Late doctor's clinic being repurposed as library
BENKELMAN, Neb. -- Timing is everything.
While members of the Dundy County Library Foundation and Library Board of Trustees were discussing a new library in Benkelman, an existing building dropped -- totally unexpected -- in their laps.
Anita Kitt, a member of the foundation, and Florence Parker, a member of the trustees board, said they had heard rumors that the will of the late Benkelman doctor Kenneth Stout included a sum of money for the Dundy County Library, but they were astounded when the library foundation received Dr. Stout's clinic building in downtown Benkelman.
The Chief Street clinic building will provide 1,000 square feet of space just for the public-access main book display and reading areas. The clinic project will require much less fund-raising than a new structure would have, it will eliminate an empty store front on Benkelman's main street, and it will allow Benkelman's city offices (in a temporary location right now after a water leak in the roof) to expand into what is now the existing library.
Dr. Stout's generosity is a win-win for all. Great timing.
The current library occupies the southwest corner of a shared city/fire building built in the mid-1960s.
The library is a popular place in Benkelman, which delights Anita and Florence. But over time and with the addition of computers and patrons using its wireless hotspot access, the library has definitely outgrown its quarters. "To get 10 people in here, it's crowded. We're shoulder-to-shoulder," Anita said. There's no storage space, and no usable public restroom.
And the Nebraska Library Commission recommends that, as the library for all of Dundy County, the library in Benkelman should offer more than its current inventory of less than 10,000 books, Anita said. "We're popping at the seams now," she said.
The proposed new building would have been a 50x60-foot, 3,000-square-foot metal structure on an empty lot across the street south, estimated to cost $350,000. Library supporters were starting to plan fund-raisers for that amount.
Renovation of Dr. Stout's red-brick clinic building is estimated to cost $120,000. Once the building is cleared of Dr. Stout's belongings, starting this summer the interior will be gutted, removing the walls of small exam rooms and updating wiring to accommodate the library's computer system and computers for the public. New handicap-accessible restrooms will be built.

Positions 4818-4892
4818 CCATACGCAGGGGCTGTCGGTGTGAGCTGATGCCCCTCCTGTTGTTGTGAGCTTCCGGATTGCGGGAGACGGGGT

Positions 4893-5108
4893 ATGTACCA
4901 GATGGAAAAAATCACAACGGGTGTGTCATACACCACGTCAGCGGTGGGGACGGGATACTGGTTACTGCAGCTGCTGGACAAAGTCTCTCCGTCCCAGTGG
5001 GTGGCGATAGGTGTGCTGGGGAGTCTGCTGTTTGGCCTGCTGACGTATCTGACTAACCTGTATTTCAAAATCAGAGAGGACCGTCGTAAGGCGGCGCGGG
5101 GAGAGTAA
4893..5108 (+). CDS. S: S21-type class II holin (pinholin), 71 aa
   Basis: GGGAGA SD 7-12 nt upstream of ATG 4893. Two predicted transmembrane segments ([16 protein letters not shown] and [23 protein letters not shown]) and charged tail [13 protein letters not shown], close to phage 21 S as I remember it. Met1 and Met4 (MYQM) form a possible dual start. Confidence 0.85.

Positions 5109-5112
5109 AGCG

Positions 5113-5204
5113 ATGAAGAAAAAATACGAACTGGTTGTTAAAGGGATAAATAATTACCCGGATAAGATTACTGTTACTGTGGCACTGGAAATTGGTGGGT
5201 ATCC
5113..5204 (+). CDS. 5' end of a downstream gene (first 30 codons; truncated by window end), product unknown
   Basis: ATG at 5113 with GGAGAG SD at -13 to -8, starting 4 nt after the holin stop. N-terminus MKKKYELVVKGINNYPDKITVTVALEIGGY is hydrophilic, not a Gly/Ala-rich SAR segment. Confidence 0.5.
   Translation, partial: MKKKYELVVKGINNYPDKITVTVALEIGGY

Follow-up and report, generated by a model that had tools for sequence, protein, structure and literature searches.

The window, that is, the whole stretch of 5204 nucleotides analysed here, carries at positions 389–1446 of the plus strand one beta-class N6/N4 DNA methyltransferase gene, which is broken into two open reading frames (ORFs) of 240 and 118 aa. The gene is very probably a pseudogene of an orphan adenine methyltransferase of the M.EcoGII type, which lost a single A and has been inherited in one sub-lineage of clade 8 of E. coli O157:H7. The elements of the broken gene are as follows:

The front door of the single-story building is already at ground level, and accessible to wheelchairs, walkers and baby strollers.
Librarian Christine Egger envisions an enhanced children's reading area, new children's and teens' programs and kids and family game nights. Florence has dreams of a coffee shop corner with deep, comfy sofas and chairs. Anita is impressed with the clinic's storage capacity, both on the ground floor and in the basement. All of the building's HVAC (heating, ventilation, air conditioning) equipment will be in the basement, she said.
All of the existing library's desks, chairs, computers and bookshelves will be transferred to the new facility. Florence said the bookshelves in the current library were designed and built -- very well, she added -- by Cornhusker State Industries, and that inmates within Nebraska's state correctional facilities will be asked to build more of their bookshelves for the new library.
Consider donations to the clinic repurposing project; the Dundy County Library Foundation is a 501 (c) 3 non-profit organization.
For more information on the library project, contact Florence, the president of the board of trustees, at (308) 423-2223; or Anita, the Foundation president and a member of the board of trustees, at (308) 423-2009.
Dr. Kenneth Stout was born in Furnas County in 1918, graduating from Oxford High School in 1937. In 1942, he was drafted into the U.S. Army and served with the Army Air Corps weather service in Alaska during World War II. He was discharged on Jan. 19, 1946, and began classes at the University of Nebraska three days later. He earned his bachelor's and medical degrees in 1952 and served a one-year internship in Tennessee and a one-year surgical rotation in North Carolina.
On Jan. 19, 1955, he started his medical practice in Benkelman with Dr. Moorhouse. In September, 1962, Dr. Stout started his own clinic, in downtown Benkelman.
During his lifetime, Dr. Stout provided funding to the renovation and furnishing of the assisted living center of the Hester Memorial Home in Benkelman, to the University of Nebraska-Lincoln and to Nebraska Public Television.
Dr. Stout's hobbies were photography, watching the weather and reading, including four newspapers a day and medical journals.
Dr. Stout retired from his practice in 2005. He died July 21, 2016, at the Dundy County Hospital in Benkelman. He was 97 years old.